Both of our panels on Day 1 of the conference featured presentations from US and Latin American perspectives, which meant that a key conference goal to approach the history of liberalism in the Americas from a hemispherical perspective got off to a great start.
The first panel, dealing with Liberalism and the Church, began with Iñigo Fernández Fernández’s paper on Catholic Liberalism in the Mexican press during the early to mid nineteenth century. Fernández discussed issues that featured prominently in our earlier workshop on “Liberalism and Religion”, particularly pointing to the lack of a dichotomy or opposition between Catholicism and liberal politics in Mexican political culture at this time. Focusing on several prominent newspapers, including El Monitor Republicano, El Democrata, and El Siglo XIX, Fernández demonstrated that articles were often anti-clerical, but never anti-religious. Moreover, these newspapers often featured articles that sought to reconcile key liberal tenets, like reason and liberty, with Catholic faith and devotion to God. Another intriguing issue that Fernández addressed was the increasing activity of liberal presses in importing religious texts for sale and distribution to their subscribers. The ensuing discussion raised an intriguing point that would be worthy of further investigation, regarding how liberal discourse at the more local, parish level might have echoed or differed in terms of their critique of the church, from the debates going on in the national press. Given Matthew Butler’s work on popular Catholicism and anti-clericalism in the post-revolutionary era of Mexican history, this line of enquiry would surely increase our understanding of Catholic liberalism greatly.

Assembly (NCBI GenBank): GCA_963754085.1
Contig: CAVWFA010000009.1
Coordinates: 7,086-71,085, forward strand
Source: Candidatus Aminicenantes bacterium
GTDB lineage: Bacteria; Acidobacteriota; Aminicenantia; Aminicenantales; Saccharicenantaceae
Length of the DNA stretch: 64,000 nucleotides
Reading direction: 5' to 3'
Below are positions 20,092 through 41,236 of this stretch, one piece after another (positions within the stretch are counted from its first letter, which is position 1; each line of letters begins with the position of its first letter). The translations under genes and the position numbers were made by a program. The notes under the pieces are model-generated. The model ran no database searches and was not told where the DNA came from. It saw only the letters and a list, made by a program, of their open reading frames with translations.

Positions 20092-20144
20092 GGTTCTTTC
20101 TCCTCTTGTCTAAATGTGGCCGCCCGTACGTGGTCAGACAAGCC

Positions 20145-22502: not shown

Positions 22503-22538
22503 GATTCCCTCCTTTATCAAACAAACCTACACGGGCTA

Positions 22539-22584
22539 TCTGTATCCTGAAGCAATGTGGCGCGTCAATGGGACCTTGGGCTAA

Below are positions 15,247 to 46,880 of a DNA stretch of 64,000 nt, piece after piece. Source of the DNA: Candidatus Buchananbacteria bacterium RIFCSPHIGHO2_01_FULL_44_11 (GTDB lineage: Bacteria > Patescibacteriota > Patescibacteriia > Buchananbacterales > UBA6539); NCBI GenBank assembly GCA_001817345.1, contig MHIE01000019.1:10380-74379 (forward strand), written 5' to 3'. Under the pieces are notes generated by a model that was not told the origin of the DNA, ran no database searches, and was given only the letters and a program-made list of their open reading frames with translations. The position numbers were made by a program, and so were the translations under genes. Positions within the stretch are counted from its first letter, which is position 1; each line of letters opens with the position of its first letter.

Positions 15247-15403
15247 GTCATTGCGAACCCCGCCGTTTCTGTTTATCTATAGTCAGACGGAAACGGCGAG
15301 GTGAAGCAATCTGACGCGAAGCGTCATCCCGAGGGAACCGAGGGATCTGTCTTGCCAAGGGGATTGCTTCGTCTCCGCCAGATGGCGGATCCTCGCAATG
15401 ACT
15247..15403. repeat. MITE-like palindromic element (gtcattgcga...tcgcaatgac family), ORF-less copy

Elizabeth Clapp’s fascinating paper about Anne Royall – a vocal opponent of evangelical revivalism – also connected very well with our previous discussions about liberalism’s role in shaping Church-State relations. In particular, Clapp explored Royall’s participation in the debate about the relationship between Church and State in Jacksonian America that emerged from the Sabbatarian and Anti-Sabbatarian movements, which had several interesting points of comparison with liberal debates in parts of Latin America, such as the questions of freemasonry, freedom of worship, and the great wealth of the Church as its source of inordinate influence over the populace.
As Clapp explained, following the death of her husband, Royall supported herself through her work as a writer and editor and produced a series of travel commentaries during the 1820s and 1830s in which she often dwelt on how religion and revivalism were shaping public life. She was vehemently opposed to the evangelical Sabbatarians, who demanded the federal state should act to enforce the observance of Sunday Sabbath in the United States, which would directly conflict with the religious freedom of other denominations. Royall also singled out as a cause for alarm the growing financial power of the evangelicals and their concomitant growth of public influence, particular over women. Through this discussion, Clapp’s paper also intersected with another key interest of the conference, liberalism and gender, as one of Royall’s primary objections to the evangelicals was that they were diverting women – and their fundraising zeal – from what she understood to be their civic duty: undertaking charitable activities in support of widows and the poor.
The afternoon session moved on to consider different ways in which the rights and obligations of citizenship were being defined through debates about suffrage in Peru and the United States during the nineteenth century. Stuart Galloway focused on the contribution of the American Equal Rights Association to debates about suffrage and citizenship in the post-civil war United States, explaining how AERA tried to reframe these debates using core principles of liberalism and republicanism. Various rationales were made after the Civil War in support of enfranchising the black male population – in return for their service as soldiers during the war itself; in order to consolidate the Union and Republican victory in the war; and to raise the condition of black people as a class.